In Nacht und Eis

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In Nacht und Eis
In Nacht und Eis.jpg
Directed by Mime Misu
Starring Waldemar Hecker
Otto Rippert
Ernst Ruckert (Anton Ernst Rickert)
Music by Joel McNeely
(2006 reissue)
Distributed by Continental Kunstfilm
Release dates
Running time
30 minutes
Country German Empire
Language Silent film
German intertitles

In Nacht und Eis (English: "In Night and Ice"), also called Der Untergang der Titanic ("The Sinking of the Titanic") is a 1912 German film about the sinking of Titanic. The filming began during the summer of 1912 and the film premiered that winter. The film's special effects are primitive by modern standards, but were impressive for that time.[citation needed] In the film, a small model ship hits an ice block in a small pond and sinks.


The film starts out with the passengers boarding at Southampton. The lives of the passengers on board the ill-fated ocean liner are depicted. On 14 April, the Titanic strikes an iceberg, throwing the diners in the Café Parisien to the side. Panic strikes the passengers. The crew ready the lifeboats, despite the fact that there are not enough of them. Women and children are loaded, while the men are held back. The radio operators (who take up most of the sinking part of the film) send out an urgent SOS. Fire blows out of the funnels during the sinking and then the boilers explode. The radio room floods, and finally the operators and captain jump ship and the Titanic sinks. Some survivors make it to a lifeboat, where they are pulled in. The captain swims to the lifeboat but when he is offered a spot, he instead swims away and goes underwater to drown.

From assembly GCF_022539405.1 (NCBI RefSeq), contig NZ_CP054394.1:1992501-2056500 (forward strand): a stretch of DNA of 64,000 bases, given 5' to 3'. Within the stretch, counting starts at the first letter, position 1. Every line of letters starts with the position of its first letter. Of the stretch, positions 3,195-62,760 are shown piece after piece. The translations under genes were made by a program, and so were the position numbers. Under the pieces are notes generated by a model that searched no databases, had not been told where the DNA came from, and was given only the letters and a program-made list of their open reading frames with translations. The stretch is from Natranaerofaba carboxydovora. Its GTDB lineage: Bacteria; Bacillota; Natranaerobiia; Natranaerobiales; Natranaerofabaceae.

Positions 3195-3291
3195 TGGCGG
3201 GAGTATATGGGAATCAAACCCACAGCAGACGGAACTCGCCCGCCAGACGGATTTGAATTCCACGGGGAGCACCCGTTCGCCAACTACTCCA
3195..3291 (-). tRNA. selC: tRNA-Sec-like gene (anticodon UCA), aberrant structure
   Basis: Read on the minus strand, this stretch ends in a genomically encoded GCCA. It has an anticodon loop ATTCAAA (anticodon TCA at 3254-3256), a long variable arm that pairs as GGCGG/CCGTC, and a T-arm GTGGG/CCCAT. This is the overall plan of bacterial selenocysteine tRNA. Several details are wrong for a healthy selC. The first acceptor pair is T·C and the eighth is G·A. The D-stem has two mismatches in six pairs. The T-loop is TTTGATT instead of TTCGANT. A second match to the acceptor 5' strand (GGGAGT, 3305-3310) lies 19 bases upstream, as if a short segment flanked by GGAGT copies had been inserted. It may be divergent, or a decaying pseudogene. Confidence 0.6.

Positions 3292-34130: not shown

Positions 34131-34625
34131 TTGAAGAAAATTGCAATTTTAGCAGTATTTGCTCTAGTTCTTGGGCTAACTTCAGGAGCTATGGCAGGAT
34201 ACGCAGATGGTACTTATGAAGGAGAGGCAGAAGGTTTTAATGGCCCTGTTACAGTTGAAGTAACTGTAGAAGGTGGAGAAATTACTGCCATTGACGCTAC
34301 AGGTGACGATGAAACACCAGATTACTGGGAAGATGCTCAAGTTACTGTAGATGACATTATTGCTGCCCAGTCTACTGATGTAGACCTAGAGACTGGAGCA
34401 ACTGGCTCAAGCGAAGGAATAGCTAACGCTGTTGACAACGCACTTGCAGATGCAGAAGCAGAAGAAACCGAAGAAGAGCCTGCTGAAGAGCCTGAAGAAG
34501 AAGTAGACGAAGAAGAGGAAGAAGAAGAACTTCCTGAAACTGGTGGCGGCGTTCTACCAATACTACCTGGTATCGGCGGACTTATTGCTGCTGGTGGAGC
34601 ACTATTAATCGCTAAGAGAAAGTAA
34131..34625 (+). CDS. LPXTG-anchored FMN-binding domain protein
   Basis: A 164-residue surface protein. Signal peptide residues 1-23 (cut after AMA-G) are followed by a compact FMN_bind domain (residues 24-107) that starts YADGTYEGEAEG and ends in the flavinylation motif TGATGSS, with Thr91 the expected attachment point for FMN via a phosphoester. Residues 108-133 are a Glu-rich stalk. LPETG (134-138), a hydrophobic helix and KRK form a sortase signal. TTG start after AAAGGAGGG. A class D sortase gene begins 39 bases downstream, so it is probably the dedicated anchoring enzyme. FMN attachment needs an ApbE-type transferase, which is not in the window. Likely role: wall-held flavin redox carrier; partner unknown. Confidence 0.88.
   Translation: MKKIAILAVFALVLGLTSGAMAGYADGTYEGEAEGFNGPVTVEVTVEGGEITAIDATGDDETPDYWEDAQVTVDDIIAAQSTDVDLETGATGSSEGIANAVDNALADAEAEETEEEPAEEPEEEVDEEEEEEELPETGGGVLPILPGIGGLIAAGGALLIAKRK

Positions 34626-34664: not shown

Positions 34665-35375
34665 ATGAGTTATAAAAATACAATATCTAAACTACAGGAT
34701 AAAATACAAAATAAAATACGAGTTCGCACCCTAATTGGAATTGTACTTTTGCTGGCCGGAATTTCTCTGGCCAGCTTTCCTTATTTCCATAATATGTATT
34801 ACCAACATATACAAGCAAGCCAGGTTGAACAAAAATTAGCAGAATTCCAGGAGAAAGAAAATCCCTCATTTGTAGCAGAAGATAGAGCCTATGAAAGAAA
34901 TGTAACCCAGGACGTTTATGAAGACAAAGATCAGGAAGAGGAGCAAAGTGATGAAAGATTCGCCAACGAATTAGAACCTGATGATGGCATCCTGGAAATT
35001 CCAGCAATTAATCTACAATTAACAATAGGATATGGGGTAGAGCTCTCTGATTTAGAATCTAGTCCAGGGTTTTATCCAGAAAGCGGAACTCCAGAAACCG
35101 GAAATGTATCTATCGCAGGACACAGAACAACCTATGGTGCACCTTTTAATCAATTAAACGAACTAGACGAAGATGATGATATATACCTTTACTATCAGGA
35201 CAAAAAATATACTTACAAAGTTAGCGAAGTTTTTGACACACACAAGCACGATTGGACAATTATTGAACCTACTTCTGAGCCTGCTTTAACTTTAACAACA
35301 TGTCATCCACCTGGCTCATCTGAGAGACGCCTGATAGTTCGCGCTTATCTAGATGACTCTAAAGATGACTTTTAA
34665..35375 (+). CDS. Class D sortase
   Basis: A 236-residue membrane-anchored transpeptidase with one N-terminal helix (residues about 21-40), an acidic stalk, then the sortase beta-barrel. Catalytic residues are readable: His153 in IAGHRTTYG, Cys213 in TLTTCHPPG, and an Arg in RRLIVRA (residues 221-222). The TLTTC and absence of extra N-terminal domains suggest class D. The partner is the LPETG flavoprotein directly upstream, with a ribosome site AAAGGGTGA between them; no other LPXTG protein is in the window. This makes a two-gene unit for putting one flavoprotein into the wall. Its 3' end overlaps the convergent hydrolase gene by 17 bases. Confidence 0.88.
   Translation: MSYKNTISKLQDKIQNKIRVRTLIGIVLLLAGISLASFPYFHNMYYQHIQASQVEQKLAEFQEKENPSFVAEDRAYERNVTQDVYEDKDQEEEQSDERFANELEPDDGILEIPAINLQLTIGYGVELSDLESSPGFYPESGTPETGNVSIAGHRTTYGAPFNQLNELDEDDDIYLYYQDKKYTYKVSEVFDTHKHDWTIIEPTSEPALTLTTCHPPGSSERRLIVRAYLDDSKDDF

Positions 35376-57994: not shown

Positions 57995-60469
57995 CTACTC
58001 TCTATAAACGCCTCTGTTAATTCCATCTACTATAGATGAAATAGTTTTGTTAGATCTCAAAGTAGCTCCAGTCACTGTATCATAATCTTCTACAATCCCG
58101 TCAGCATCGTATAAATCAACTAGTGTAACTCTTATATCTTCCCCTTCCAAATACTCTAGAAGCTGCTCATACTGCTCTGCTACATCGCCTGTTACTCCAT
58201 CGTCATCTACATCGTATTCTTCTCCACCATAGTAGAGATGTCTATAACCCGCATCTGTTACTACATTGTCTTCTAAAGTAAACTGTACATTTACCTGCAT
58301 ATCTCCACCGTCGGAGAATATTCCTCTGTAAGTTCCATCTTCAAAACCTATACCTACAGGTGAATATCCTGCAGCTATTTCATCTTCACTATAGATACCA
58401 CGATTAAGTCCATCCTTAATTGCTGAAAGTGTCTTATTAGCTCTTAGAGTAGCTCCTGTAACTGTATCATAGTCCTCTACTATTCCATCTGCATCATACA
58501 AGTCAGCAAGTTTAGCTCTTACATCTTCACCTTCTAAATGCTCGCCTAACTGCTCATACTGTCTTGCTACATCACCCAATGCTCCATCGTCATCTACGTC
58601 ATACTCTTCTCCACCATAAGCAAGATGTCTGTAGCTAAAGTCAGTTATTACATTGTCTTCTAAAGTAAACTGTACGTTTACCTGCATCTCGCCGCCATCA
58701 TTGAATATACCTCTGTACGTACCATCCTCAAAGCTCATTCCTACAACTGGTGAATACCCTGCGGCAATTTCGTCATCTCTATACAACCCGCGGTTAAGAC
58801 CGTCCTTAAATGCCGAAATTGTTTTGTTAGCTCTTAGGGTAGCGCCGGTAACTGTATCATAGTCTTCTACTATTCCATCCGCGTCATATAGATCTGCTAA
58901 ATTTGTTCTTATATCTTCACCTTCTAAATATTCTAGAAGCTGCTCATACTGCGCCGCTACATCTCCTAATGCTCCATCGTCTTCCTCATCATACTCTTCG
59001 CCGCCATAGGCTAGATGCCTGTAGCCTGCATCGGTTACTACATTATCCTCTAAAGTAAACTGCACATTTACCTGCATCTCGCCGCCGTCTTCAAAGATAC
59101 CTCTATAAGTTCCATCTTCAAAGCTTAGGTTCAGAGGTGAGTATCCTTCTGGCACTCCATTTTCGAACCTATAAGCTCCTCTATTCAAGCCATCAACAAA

The film was produced by Continental Film Studios of Berlin, and while most of its footage was shot in studios and in a lot behind the studio building, some footage was shot in Hamburg and some was possibly done aboard the German ocean liner SS Kaisern Auguste Victoria, then docked at Hamburg. The Berlin Fire Department provided water to use for the sinking scenes. With a running time of 35 minutes, In Nacht und Eis was three times longer than the average film of 1912. Shot in black and white, various scenes were tinted to heighten their impact, such as night scenes in dark blue and a shot of a stoker feeding a burner in red. In one scene of the film a title card reads- Der kliene milliardenerbe, welcher mit seinem Kindermadchen gerettet wurde, weil sich die ganze familie opferte, um den Namen zu erhalten- in english it translates to: THE SMALL INHERITOR OF BILLIONS, WHICH WAS RESUCED BY HIS NANNY TO PRESERVE THE NAME, SINCE THE WHOLE FAMILY SACRIFIED THEMSELVES, meaning that the boy which is going to be the inheritor of his parent's wealth, was saved by his nanny to continue the wealthiness of parents because his parents didn't survive the sinking. The only thing related to that, is the true story of the Allison family which were travelling in First Class, in which Baby Trevor escaped the Titanic with his nanny Alice, while his older sister and the rest of his family perished in the sinking, . The Café Parisien scenes were filmed in the vessel's Winter Garden.

Preservation status[edit]

The February 20, 1998 Los Angeles Times reported that German Horst Lange possessed the only known surviving print.[1] Various scenes can be seen in the documentary Beyond Titanic. The movie itself is available to view in its entirety on YouTube.

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